What wines for turkey time
Monday, November 05, 2012
Fran Harris, a facebook friend who may or not be related to me asked me the question of which wines I would recommend for Thanksgiving. I have on this in the past and definitely some of my selections are going to be the same as before, but there might also be some new ones as well. I am going to break this down into wines for the meal, and wines after the meal. I will leave out blush wines, but add in some fruit wines.
Cranberry Sauce – this dish allows for so many things that could pair with it, but here I would stick with sparkling wine, fruit wine, or white wine. In sparkling wines, I would go with a brut Prosecco (Anna Spinato is my favorite, or you can go with an organic Monetto), a nice blanc di blancs (Domaine Ste Michelle is great and inexpensive), a sparkling Shiraz, an extra dry (Gruet Extra Dry would be my choice) or go for the stronger aspect of strawberries with a nice blanc de noirs such as Gloria Ferrer. If you can find it, the Gloria Ferrer Royal Cuvee would be great. Oh, I am loving this Juve y Camps Milesime Reserva and will tell you to try that as well. Another aspect would be to pair fruit with fruit and do either a blackberry, blueberry or raspberry wine. Both Alba and Tomasello in New Jersey make some that are wonderful.
Now, the funny thing is that everything else pretty much consists of the meal itself and whatever side dishes. In [part of] my family, they go with not only turkey, but lamb, roast beef, ham and even chicken. For this, I would either stick with a sparkling wine, or move on to white and/or red wine – why can’t you do both.
For white wines, I would defer to Chardonnay, Pinot Gris, Viognier and white wine blends such as Evolution. A classic Chenin Blanc-Viognier mix might work as well. For Pinot Gris, I would stick with something from Alsace, preferably Willm or a Gentil by Hugel et Fils; both of these will be resplendent with pear and peaches. For Chardonnay, I would go with a Kendall Jackson Grand Reserve – do not get the Vintner’s! – or something from Hess. Another favorite of mine is Beringer Napa Valley Chardonnay.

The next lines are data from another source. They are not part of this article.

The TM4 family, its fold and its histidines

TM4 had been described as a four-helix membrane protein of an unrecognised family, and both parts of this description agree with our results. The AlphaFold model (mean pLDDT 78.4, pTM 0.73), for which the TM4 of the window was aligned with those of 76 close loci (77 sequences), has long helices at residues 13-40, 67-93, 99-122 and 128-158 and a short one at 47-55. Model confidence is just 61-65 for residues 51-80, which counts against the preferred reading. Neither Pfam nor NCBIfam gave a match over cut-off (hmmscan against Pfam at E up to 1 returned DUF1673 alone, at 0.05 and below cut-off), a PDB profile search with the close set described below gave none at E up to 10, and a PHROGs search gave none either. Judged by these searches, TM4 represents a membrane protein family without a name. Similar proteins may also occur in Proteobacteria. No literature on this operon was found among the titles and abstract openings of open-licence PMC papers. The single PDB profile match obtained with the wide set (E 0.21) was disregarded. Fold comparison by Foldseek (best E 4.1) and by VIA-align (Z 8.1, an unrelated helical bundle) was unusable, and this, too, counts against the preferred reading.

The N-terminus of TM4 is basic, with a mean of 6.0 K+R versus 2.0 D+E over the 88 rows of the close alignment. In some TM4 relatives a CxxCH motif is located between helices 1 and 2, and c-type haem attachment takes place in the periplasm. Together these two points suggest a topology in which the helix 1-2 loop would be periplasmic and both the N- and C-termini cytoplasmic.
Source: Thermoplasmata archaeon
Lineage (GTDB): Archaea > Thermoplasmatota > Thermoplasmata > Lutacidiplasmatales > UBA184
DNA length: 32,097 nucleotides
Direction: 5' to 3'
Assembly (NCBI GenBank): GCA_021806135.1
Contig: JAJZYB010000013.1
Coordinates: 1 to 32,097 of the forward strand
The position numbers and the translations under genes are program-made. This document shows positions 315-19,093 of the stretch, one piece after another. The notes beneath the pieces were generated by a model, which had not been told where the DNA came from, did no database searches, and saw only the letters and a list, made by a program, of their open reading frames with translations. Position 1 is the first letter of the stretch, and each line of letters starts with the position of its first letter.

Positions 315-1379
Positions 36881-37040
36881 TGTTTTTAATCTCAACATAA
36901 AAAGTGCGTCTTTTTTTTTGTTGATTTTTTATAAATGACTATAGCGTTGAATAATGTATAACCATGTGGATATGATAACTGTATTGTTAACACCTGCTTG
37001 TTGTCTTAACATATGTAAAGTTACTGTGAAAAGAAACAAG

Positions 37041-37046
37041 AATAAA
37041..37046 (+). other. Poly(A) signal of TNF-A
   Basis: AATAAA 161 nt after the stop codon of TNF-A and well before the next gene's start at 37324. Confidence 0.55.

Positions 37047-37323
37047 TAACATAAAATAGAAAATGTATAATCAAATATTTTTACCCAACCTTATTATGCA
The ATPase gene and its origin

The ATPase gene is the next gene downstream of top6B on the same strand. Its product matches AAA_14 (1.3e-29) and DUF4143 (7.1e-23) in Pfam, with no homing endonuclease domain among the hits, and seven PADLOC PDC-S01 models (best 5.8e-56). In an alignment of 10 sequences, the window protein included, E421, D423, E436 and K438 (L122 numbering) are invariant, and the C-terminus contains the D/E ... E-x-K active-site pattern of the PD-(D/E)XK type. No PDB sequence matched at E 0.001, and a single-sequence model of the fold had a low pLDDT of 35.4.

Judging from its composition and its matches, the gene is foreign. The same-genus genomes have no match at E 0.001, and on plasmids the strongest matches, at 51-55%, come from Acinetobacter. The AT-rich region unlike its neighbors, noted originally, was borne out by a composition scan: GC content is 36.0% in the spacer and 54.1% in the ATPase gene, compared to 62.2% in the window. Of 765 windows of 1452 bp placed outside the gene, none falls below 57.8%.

Now, there are only so many Viognier wines that I like, and I would still defer back to Christine Andrew which is put out by Ironstone Vineyards. But I almost forgot that there is also the Vision Series Viognier by Cono Sur and also The Innocent by Shinas Estate. Warning, the latter might put people out faster than the trytophan in the turkey.
For reds, we open up the potential to go many ways. If you want the same old that you have probably already been accustomed to, then you can go with Pinot Noir, Cabernet Sauvignon, Syrah and Merlot as well as blends. If you want to be wowed, then go with Zinfandel, Primitivo, Ripasso, Barolo, Barbera, Brunello and Amarone.
A good classic Bordeaux blend would work, and for me, the most recent that I had is Don Tiburcio which should be around $13 a bottle and is great. You could go higher with wines such as Oculus (Mission Hill – Canada) or Alpha M (Montes – Chile), but now you’re talking some serious coin.
And again, we come back to Shinas Estate with The Guilty and The Verdict, Syrah and Cabernet Sauvignon respectively.
Cabernet Sauvignon, I would go with Cannonball or Grayson Cellars. If you want to step up the game, but not too expensively, Chateau Ste Michelle’s Cold Creek Cab is truly juicy and decadent.
For Pinot Noir, if you can find it, Rio Seco Reserva Pinot Noir would be an inexpensive best bet. Also, Root 1 makes a nice one. And speaking of Root 1, they have an awesome Carmenere.
Merlot, I would go with Benziger or with Columbia Estates Grand Reserve Merlot; the latter can be had for about nine dollars a bottle. There is another great Merlot that escapes my mind right now; I hope that I remember it for you.
For Zinfandel, outside of some great ones from Rosenblum Cellars, I have to talk about Lapis Luna Romanza, which is 87% Zinfandel and 13% Great Valley Sangiovese; if you can find some, save some for me.
If you want to serve a bunch of people, look at Big House wines, which have some great quality and won’t break your wallet. They have Syrah, Zinfandel and Cabernet Sauvignon. Each bottle will run you around eight dollars, so you can really take care of everyone with this.
I want to bring up one grape which you will rarely see by itself, and that is Petit Verdot. Actually, Eagle Eye out in California made one and I have to have a friend ship me out a few bottles. What’s so special about this grape is that it imparts a depth of smokiness to any wine that it is part of. It is one of the crucial components of the Bordeaux blend and I have seen it also used in Italy as well.
The other side of things would be the reds of Italy, and here you could get into some trouble [and at the same time some fun] if you branch off into them.